In Avengers: Infinity War (Russo and Russo, 2018) the Mad Titan, Thanos (Josh Brolin), finally made a significant appearance in the Marvel Cinematic Universe (MCU). When the idea of a two-film saga based on the Infinity Gauntlet comic book (Starlin, et al, 1991) was first announced, I, like many others, had many theories about what was going to happen, who was going to live and die, and how everything was )going to go down. For example, before Thor: Ragnarok (Waititi, 2017), I was certain that Thanos’ big entrance was going to immediately establish his threat by hanging him storm into Asgard kill Odin Allfather (Anthony Hopkins), and claim the Tesseract (and, obviously, the Space Stone it help). After all, how better to establish this big bad villain than by having him kill a God?
Instead, of course, Thanos wrecked Thor Odinson’s (Chris Hemsworth) ship and slaughtered half of the Asgardians onboard. Still an impressive feat, to be sure, but one that focused more on Thanos’ grandeur and pretentious philosophy rather than his actual physical strength thanks to the bulk of the work being undertaken by his underlings, the “Children of Thanos”. Headed by Ebony Maw (Tom Vaughan-Lawlor), Cull Obsidian (Terry Notary), Proxima Midnight (Carrie Coon/Monique Ganderton), and Corvus Glaive (Michael James Shaw), the Children of Thanos didn’t actually appear in The Infinity Gauntlet and are, instead, relatively recent additions to Thanos’ ranks who first appeared (as the “Black Order”) in Infinity (Hickman, et al, 2013). In the film, we don’t really learn much about these guys at all except that they enforce Thanos’ will with unquestioning loyalty and that he trusts them to help him gather the remaining Infinity Stones and, while they certainly look visually interesting, they’re mostly disposable bad guys for the Avengers to fight in place of Thanos.
Now, I’ve never read Infinity; I have no emotional attachment to the Black Order or any of the characters and, as a result, they were merely nothing more than henchman to me and I only really recall one of them being referred to be name (“I take it the Maw is dead?”) While I enjoyed their inclusion in the film, I can’t help but feel like they could have been dropped and supplanted with some other, more recognisable MCU villains had some other films and events happened just a little differently. For example, take Cull Obsidian; he’s Thanos’ muscle who basically does nothing and is largely inconsequential. What if, instead of killing Ronan the Accuser (Lee Pace) in Guardians of the Galaxy (Gunn, 2014), Ronan had been soundly defeated and humbled and, having seen the extent of Thanos’ power (he did destroy Xandar (offscreen), which was what Ronan wanted, after all, and would be enough to bring Ronan to heel, I would wager), he pledged himself fully to Thanos’ cause to get revenge against the Guardians of the Galaxy? I’m not massively familiar with Ronan but it seems to me like it was a bit of a miss-step to kill him off when he could have fulfilled a role in Thanos’ little gang at the very least, if not remain as a recurring antagonist for the Guardians. Another potential replacement for Corvus would be Emil Blonsky/Abomination (Tim Roth) who, at the time, had been conspicuous by his absence from the MCU. However, arguably, it wouldn’t make as much sense for Thanos to recruit the Abomination as he’s not exactly floating around in the depths of space for him to encounter.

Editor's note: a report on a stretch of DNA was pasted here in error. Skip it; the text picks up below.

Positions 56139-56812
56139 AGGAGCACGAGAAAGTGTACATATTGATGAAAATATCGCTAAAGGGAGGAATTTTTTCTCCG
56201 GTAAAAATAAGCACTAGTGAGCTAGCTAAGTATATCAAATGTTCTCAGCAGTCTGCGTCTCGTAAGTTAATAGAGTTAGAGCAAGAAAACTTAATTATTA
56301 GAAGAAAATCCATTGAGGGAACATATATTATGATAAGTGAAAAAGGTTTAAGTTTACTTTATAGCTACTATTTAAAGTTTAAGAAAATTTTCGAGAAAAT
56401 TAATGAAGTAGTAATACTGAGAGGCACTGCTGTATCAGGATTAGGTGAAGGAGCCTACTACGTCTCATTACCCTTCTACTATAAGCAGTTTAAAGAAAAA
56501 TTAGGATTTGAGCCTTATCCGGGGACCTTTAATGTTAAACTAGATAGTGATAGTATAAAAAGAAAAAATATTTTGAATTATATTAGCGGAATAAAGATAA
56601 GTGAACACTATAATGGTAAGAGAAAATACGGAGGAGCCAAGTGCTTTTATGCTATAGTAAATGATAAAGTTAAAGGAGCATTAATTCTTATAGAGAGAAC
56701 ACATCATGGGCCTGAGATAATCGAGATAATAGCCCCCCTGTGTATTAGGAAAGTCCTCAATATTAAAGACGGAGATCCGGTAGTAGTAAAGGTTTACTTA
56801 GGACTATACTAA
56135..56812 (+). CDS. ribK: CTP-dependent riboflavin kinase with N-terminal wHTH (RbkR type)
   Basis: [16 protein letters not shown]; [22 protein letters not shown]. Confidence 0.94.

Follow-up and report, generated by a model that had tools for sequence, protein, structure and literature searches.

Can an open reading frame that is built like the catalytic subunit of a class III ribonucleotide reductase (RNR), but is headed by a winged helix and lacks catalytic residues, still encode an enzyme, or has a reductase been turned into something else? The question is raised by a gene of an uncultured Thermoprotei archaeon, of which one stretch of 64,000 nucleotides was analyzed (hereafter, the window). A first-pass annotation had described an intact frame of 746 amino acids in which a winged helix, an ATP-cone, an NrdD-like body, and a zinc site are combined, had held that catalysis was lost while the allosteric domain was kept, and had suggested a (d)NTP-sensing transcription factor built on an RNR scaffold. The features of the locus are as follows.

Intrigue was equally high in the build-up to The Avengers/Avengers Assemble (Whedon, 2012); I was hoping to see a version of the Masters of Evil, with Loki Laufeyson (Tom Hiddleston) joining forces with Johann Schmidt/The Red Skull (Hugo Weaving) – who was clearly transported away from Earth by the Bifrost at the end of Captain America: The First Avenger (Johnston, 2011 – and either the Abomination or Doctor Samuel Sterns/The Leader (Tim Blake Nelson) once they got to Earth. While I was happy with the first Avengers team-up we got, I do feel this was another missed opportunity that we never saw this anti-Avengers team-up. Consequently, I feel like we could have swapped out Ebony Maw for either of these characters; in The Infinity Gauntly, Thanos was advised by Mephisto, a role many expected Loki to play in Infinity War given his mischievous and devious nature. Naturally, of course, you could argue that this wouldn’t really fit with Loki’s character arc by that point but remember how he feigned loyalty to Thanos and then tried to stab him in the neck? Well, imagine that but throughout a large portion of the movie. Loki pledges fealty, willingly hand shim the Tesseract, and spends the remainder of the film waiting for the perfect moment to strike and then he’s killed for his efforts. Obviously, the Red Skull finally showed up in Avengers: Endgame (Russo and Russo, 2019) in a slightly different role as the Stonekeeper (Ross Marquand), but again…what if the Red Skull had replaced Ebony Maw? How much more interesting and impactful would it have been to see the Red Skull empowered by Thanos and making a triumphant return as Thanos’ chief torturer? Sure, if his death was the same then you could argue that he would’ve been “wasted” or been killed off too easily but I still feel like this would have been a better use of the character than as the keeper of the Soul Stone (a role that could’ve been filled by character’s envisioning the Stonekeeper as someone close to them, perhaps?)